To simplify things, we just refer to net burn rate as burn rate. There are two ways to calculate your burn rate: with and without venture capital (VC) or other investor funding.

Including Investor Funding

The easiest place to find the information you need is in a cash flow statement (also called a statement of cash flows). If you want to know your burn rate while including VC funding, then you don’t need to make any adjustments to the numbers you see.

To find burn rate for a given month, subtract the cash balance for the month from the cash balance in the previous month.

Burn Rate = Cash balance in prior month – Cash balance in current month

Simply put, burn rate is the net cash you are spending every month.

What Does It Mean if Your Burn Rate Is Negative or Zero?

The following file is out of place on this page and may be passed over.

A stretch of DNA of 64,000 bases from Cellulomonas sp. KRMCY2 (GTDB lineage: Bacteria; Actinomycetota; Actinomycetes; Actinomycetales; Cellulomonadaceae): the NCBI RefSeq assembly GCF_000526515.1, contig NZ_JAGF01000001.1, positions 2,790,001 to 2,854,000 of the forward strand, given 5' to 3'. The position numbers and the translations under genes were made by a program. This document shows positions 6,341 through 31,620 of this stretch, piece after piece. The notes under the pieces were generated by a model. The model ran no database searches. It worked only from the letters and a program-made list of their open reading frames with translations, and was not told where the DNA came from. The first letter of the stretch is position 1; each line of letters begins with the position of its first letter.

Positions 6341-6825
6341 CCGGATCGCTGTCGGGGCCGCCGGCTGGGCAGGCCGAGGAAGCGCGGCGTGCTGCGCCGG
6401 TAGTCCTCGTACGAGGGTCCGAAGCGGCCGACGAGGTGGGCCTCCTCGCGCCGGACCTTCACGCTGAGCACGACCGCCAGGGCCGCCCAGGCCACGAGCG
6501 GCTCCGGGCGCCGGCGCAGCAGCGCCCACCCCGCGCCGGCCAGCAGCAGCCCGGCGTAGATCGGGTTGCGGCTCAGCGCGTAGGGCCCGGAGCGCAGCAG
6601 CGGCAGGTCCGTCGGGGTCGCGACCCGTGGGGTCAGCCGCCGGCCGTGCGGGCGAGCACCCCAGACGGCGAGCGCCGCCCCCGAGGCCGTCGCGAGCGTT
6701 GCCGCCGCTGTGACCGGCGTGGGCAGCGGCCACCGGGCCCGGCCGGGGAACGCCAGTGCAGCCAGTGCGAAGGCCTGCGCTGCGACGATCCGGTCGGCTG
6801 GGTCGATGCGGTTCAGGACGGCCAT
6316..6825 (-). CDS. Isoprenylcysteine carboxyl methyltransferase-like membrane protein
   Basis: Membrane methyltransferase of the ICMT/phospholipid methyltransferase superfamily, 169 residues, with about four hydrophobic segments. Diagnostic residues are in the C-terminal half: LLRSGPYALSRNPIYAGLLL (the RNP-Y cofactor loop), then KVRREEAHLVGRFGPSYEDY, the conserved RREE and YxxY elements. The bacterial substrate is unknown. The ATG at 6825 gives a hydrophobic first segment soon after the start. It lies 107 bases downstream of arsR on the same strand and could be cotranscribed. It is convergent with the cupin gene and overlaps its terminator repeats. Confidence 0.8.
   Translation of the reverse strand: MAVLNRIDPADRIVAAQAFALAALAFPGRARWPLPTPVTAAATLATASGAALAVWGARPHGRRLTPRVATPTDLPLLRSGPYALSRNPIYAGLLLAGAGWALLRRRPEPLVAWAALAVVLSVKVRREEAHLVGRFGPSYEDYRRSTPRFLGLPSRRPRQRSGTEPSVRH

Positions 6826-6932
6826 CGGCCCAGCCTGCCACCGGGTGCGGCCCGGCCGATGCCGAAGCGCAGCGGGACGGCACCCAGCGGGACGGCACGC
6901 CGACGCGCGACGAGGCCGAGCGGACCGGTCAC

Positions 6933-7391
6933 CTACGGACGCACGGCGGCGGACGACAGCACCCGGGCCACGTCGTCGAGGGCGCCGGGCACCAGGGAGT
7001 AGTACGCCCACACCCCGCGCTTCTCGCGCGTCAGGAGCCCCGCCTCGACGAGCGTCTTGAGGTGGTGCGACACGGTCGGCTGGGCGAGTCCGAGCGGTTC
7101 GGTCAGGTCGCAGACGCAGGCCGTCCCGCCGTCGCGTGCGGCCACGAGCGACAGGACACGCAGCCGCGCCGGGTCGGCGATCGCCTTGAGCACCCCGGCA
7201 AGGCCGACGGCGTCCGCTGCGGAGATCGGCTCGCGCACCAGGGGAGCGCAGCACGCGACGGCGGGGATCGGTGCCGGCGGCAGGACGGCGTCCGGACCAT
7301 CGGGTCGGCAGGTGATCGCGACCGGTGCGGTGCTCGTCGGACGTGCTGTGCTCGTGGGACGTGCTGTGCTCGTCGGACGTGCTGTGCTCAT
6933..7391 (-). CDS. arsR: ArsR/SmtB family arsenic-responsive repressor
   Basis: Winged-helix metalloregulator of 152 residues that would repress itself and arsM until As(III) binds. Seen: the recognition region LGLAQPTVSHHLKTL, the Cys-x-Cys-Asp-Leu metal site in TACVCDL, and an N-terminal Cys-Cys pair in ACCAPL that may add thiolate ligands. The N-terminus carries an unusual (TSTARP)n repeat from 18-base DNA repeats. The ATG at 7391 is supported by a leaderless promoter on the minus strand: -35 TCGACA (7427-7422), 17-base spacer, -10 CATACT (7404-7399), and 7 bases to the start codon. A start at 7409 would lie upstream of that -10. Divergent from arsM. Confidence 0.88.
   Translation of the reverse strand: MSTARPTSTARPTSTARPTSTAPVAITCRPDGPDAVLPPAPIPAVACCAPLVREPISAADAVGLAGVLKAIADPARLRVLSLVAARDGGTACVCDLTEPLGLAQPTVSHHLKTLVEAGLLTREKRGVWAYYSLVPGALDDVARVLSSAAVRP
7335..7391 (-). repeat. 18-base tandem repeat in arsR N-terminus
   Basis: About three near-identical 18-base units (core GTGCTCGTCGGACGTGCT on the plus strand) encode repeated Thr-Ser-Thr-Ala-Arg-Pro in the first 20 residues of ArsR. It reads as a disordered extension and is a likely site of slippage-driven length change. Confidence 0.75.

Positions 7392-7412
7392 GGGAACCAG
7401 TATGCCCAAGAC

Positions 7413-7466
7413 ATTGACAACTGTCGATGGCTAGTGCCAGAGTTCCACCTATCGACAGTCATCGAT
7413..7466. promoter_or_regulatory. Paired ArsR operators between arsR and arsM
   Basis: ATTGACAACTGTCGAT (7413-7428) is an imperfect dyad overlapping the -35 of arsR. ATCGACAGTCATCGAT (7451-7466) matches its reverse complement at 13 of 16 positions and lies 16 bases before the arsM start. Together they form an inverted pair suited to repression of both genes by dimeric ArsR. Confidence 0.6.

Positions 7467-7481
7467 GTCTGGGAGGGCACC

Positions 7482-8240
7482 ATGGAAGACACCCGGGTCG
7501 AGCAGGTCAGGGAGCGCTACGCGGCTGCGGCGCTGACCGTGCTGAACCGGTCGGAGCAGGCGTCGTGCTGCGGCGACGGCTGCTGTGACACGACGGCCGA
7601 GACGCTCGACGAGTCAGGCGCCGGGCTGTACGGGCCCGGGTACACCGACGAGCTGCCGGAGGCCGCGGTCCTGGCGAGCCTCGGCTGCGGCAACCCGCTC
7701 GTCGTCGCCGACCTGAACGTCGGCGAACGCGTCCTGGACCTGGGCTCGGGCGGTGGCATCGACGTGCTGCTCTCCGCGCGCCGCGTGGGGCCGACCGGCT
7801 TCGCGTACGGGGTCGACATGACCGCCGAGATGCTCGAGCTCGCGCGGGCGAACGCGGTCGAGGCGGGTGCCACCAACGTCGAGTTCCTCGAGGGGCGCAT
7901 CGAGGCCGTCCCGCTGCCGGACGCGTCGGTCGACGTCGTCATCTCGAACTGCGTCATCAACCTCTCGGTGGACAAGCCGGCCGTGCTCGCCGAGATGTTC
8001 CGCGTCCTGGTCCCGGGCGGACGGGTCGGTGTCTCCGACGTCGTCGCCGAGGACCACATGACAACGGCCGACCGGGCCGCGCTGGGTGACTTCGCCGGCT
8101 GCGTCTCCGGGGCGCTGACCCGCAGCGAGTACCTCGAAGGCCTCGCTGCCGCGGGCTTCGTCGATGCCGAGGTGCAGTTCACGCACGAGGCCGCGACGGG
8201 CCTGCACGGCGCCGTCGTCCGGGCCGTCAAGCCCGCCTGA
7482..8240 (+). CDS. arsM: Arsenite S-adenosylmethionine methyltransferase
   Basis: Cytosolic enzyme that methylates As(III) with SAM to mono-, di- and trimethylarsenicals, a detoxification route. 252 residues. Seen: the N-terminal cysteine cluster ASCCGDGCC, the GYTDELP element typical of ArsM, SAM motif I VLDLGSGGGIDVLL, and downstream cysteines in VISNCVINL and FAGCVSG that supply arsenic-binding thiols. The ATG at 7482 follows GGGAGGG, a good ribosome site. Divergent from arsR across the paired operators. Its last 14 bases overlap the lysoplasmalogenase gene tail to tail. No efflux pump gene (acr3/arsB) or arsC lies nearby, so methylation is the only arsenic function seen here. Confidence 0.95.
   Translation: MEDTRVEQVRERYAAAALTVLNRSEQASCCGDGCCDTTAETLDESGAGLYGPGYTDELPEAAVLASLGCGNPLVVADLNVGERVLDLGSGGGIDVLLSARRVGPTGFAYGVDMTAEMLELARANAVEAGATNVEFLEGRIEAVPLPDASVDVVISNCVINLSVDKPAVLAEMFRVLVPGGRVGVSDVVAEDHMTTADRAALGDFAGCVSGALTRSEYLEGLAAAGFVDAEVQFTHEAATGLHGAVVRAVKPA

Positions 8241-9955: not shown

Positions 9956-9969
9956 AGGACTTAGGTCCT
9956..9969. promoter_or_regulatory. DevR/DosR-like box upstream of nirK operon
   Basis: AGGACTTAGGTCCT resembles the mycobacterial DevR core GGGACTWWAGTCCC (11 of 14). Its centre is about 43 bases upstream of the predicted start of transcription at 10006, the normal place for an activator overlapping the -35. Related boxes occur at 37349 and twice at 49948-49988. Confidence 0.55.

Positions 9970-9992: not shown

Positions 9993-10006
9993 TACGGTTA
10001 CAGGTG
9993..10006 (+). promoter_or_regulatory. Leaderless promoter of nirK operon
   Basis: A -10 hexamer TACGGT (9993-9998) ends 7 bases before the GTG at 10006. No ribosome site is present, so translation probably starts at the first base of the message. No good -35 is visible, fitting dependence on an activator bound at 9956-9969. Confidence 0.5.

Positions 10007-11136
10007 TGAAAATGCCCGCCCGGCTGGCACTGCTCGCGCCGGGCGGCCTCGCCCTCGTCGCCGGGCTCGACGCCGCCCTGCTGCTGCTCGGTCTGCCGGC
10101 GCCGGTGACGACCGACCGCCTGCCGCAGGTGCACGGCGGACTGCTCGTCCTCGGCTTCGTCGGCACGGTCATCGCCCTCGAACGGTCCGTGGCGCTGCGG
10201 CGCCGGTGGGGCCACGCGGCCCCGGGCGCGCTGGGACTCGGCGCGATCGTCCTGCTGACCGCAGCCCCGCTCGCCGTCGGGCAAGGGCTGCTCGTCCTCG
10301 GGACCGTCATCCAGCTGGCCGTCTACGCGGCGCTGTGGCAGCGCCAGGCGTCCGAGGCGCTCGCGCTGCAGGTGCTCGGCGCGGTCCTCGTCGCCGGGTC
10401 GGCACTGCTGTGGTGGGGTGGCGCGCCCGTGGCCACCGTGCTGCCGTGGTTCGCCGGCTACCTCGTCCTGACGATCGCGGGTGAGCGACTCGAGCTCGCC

Normally, the calculation above results in a number equal to or above zero. But there are a few situations in which your burn rate may come back as negative. That means that you’re earning more money than you’re spending. Say you just scored a round of funding — your burn rate might show as negative for that month because you appear to be gaining money overall.

If you haven’t added any investor funding, it could indicate that your revenues are finally greater than your expenses. If your burn rate is zero, it indicates that you’re earning and spending an equal amount of money. But once your startup is earning more than its spending, burn rate is meaningless. As a metric, it’s only helpful for startups that still have higher expenses than revenue.